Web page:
Sunglasses and a hat are recommended for all areas of Ethiopia. Pack light clothes for the day time and a jacket or sweater for the chilly highland evenings, and a good pair of walking shoes. Trekkers in the Simien and Bale Mountains will need jackets, warm clothes, thermals, waterproofs, and binoculars for viewing different animals. When visiting churches clothing should be respectful, covering most of the body. Shoes must always be removed before entering churches and mosques – for traveling around sites like Lalibela with its many churches airline socks are very useful and act as an effective barrier against fleas, which are present in some of the underground churches.
The Ethiopian national food is a communal dish of Injera with stews of meat and vegetables. Injera is a spongy flatbread made of fermented Teff grain. Meat dishes consist mainly of lamb, chicken and beef. There are a number of vegetarian options in traditional Ethiopian cuisine. Pork is rarely consumed in Ethiopia as both the Orthodox and Muslim religion forbid it. Addis Ababa and other larger cities boast of a wide variety of international restaurants.
Ethiopia has its own calendar of 13 months: it follows the Julian calendar which is divided into 12 months of 30 days each and a 13th month of five days (or six in leap years) at the end of the year. The time difference is +3 hours from Greenwich Mean Time.
Ethiopia is a Multi Ethnic state with over 80 different languages spoken in the country, and 200 dialects. The main three languages are Amharic, Tigrigna and Oromigna. English is also widely spoken.
Money can be exchanged in the airport, in hotels and banks. Exchange requires a passport and the receipts should be kept, as re-exchanging back into foreign currency is difficult otherwise. The Ethiopian currency is the Birr (“Silver” in Amharic). VISA and MASTERCARD are accepted at the major hotels. There are many ATMs available in throughout Addis Ababa.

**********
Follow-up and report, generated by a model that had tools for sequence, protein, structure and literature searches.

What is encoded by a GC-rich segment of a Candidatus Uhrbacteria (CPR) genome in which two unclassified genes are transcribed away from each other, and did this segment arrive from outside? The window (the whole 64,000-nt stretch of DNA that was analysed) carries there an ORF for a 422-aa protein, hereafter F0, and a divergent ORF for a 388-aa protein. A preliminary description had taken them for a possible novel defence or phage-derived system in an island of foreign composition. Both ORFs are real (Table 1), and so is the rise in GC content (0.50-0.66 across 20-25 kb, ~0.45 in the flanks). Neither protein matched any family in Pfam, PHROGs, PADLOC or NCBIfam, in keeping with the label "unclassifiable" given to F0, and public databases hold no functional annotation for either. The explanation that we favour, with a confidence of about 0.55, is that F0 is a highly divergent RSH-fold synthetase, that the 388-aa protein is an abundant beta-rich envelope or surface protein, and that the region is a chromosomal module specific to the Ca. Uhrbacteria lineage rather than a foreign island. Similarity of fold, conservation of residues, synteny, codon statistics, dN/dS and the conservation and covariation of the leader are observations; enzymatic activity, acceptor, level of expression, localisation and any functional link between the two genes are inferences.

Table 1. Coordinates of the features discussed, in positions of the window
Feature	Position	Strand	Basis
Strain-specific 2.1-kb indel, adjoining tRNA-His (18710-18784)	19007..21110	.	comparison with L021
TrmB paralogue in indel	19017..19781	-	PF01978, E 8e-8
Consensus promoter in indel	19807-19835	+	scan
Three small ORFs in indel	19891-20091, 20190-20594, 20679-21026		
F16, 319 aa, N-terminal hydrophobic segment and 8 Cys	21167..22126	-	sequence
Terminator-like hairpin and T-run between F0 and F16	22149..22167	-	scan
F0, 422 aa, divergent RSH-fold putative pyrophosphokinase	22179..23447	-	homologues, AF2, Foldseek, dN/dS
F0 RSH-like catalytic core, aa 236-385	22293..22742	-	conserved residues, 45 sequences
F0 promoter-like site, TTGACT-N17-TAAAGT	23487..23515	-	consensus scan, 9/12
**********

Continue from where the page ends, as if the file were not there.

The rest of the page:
The possession of a valid Yellow Fever vaccination certificate is not mandatory. Immunization for Hepatitis A and B, Tetanus, Typhoid Diphtheria, Meningococcal, and Polio is recommended.
Malaria: in most of the country malaria is not a problem because of the high elevation, e.g. Addis Ababa, Axum, Gondar and Lalibela. But it may occur in Bahir Dar at the end of the rainy season and after unseasonable rains. Lowland areas along the Awash River, the Omo Valley, Rift Valley and Gambella are subject to malaria outbreaks. Chloroquine resistant strains have been identified in most areas so you should consult your doctor about the prophylaxis.
Visitors should take a simple first aid kit, band aids, antiseptic cream, anti-histamine cream and/or tablets for insect bites, sunscreen (while temperatures are moderate the sun is strong), anti-diarrhea tablets, mosquito and flea repellent, broad spectrum antibiotics, and anti bacterial spray/ cream.
Photography & Video
Professional or high standard video equipment is difficult to be brought to Ethiopia. An official permission letter can be expensive. You may want to consult the Ethiopian Embassy if you are bringing high standard equipment.
In many places a small fee is charged for photos taken of people, especially in the southern tribal areas of Ethiopia. Video fees can be very high in national parks and other guarded places.
All participants are required to have an up to date travel insurance policy.